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Thursday, October 28, 2010

Laser Light can Kill Viruses

A study by Kong-Thon Tsen of Arizona State University along with researchers at Johns Hopkins University shows how strong blasts of visible light from a low-power laser can kill viruses. The laser technique appears to be more successful than other methods at killing viruses, while also posing less harm to healthy tissue.

In their study, the researchers blasted a virus with a quick pulse of purple laser light. The laser, which only shines for 100 femtoseconds (a femtosecond is one millionth of a billionth of a second), causes the virus's capsid (its outer shell) to vibrate and become damaged. Essentially, the virus becomes "deactivated" while the area around the virus remains unharmed. The treatment doesn't cause viruses to mutate either, which is a problem in other virus treatments and can lead to viral resistance.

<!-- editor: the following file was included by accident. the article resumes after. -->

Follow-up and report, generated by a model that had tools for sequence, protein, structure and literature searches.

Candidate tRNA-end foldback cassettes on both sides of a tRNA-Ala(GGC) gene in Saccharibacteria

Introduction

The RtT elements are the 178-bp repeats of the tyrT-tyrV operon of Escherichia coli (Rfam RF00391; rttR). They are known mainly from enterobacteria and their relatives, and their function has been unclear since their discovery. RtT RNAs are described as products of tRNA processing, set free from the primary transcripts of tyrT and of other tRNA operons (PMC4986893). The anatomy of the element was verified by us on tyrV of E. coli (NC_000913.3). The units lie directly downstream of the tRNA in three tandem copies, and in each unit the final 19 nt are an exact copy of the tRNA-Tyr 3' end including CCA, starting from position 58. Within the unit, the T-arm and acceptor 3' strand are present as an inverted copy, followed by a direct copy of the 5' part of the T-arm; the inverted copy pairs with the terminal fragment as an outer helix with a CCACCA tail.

Monday, October 4, 2010

Low cost production of Taxol (Anticancer Drug) in E.coli

Researchers from the Tufts University School of Engineering and  collaborators from MIT  have now engineered E. coli bacteria to produce large quantities of a critical compound that is a precursor to the cancer drug Taxol, originally isolated from the bark of the Pacific yew tree. The tree's bacteria can produce 1,000 times more of the precursor, known as taxadiene, than any other engineered microbial strain.

This would bring down the cost of taxol, which is used as anticancer drug against lung, ovarian and breast cancer